define FaultPin 50

AmphenolSensors: tried the standard serial ports but need better control of the timing to run linbus.

I can't imagine how any software serial could give you better control than hardware serial.

the receive buffer seems to get some values in it, and continues to store them,

The usual way I deal with that is

while (Serial.available() > 0) {
  dumpChar = Serial.read();
]

...R

OK, I don't know if it actually works better, but after a day of frustration with the hardware port, I got altSoftSerial going in 10 minutes, so something is different.

Tried your snippet thankyou Robin2, got this output (in Hex) 4e,00,ff,00,14,6a,08, and it is same after rebooting arduino. However, it does change after a power cycle. Is this a clue?

AmphenolSensors: Tried your snippet thankyou Robin2, got this output (in Hex) 4e,00,ff,00,14,6a,08, and it is same after rebooting arduino. However, it does change after a power cycle. Is this a clue?

Without seeing the complete program in which you tried my code I can't comment.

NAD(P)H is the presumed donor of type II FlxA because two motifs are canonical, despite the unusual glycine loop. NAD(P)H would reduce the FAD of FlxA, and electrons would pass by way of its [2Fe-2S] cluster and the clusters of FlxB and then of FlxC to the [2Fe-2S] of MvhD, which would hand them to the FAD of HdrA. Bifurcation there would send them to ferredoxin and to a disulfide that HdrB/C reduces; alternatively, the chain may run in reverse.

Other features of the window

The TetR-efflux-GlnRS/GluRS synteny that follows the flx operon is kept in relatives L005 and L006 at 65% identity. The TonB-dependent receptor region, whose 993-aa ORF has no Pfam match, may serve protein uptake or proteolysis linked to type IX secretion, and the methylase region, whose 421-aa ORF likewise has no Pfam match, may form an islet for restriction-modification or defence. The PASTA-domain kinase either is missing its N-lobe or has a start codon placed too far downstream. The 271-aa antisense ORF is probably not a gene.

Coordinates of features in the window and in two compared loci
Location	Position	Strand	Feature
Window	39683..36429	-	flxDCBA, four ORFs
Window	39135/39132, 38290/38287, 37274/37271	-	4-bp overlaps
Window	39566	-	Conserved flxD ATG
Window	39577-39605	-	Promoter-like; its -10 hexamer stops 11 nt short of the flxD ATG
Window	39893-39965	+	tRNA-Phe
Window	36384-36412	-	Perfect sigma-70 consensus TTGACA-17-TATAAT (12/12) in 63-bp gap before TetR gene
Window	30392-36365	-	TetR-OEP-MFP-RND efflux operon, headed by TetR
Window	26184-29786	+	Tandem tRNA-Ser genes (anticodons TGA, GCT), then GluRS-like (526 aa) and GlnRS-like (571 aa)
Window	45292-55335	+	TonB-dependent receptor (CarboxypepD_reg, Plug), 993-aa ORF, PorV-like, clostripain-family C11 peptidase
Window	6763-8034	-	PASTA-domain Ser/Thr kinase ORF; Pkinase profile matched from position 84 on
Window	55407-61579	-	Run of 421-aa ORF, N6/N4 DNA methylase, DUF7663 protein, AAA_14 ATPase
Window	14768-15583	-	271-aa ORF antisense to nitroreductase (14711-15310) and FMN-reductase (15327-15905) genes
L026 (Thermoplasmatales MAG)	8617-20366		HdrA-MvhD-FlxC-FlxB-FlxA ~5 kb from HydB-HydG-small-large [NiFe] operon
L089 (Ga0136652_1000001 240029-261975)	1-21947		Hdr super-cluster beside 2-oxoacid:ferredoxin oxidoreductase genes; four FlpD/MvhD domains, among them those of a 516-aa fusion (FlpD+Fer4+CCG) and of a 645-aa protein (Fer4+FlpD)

...R

#define sampleFrequency  1000     //sample Frequency period in mS
#define baud_rate 19200           //sensor baud rate
#define TxPin 46
#define RxPin 48
#define CSPin 52
#define FaultPin 50

#include <AltSoftSerial.h>

AltSoftSerial mySerial;               // Declare serial

unsigned long sampletime = millis();
long sensorTemp = 0;
byte sensorStatus;


void setup() {
  pinMode(CSPin, OUTPUT);         //CS High for linbreakout board
  digitalWrite(CSPin, HIGH);
  pinMode(FaultPin, INPUT);          //Breakout Board Failure

  pinMode(13, OUTPUT);        //switches screen power on
  digitalWrite(13, HIGH );

  pinMode(TxPin, OUTPUT);        //allow switching the Tx on/off for signal delay

  Serial.begin(19200);        //starts serial output to serial port.
  Serial.println(F("Sensor Temperature (°C), PM (µg/m3)"));

  sampletime = millis();  //sets timer
  txMode(0x01);   //disable - 0x00, enable - 0x01
}

void loop() {
  unsigned int PM25;

  if (millis() >= (sampleFrequency + sampletime))
  {
    sampletime = millis();  //resets timer

    PM25 = TxRx(0x01);        // transmit mode (disable - 0x00, enable - 0x01)
    // & read sensor values and interpret
    Serial.print (sensorTemp); Serial.print(", "); Serial.println(PM25);

  }
}
//____________________________________sub routines___________________________________
void txMode(byte mode) {    //transmit drive mode (UNIT4) to sensor
  byte PID = 0xDD;            //PID added parity bits to 0x1D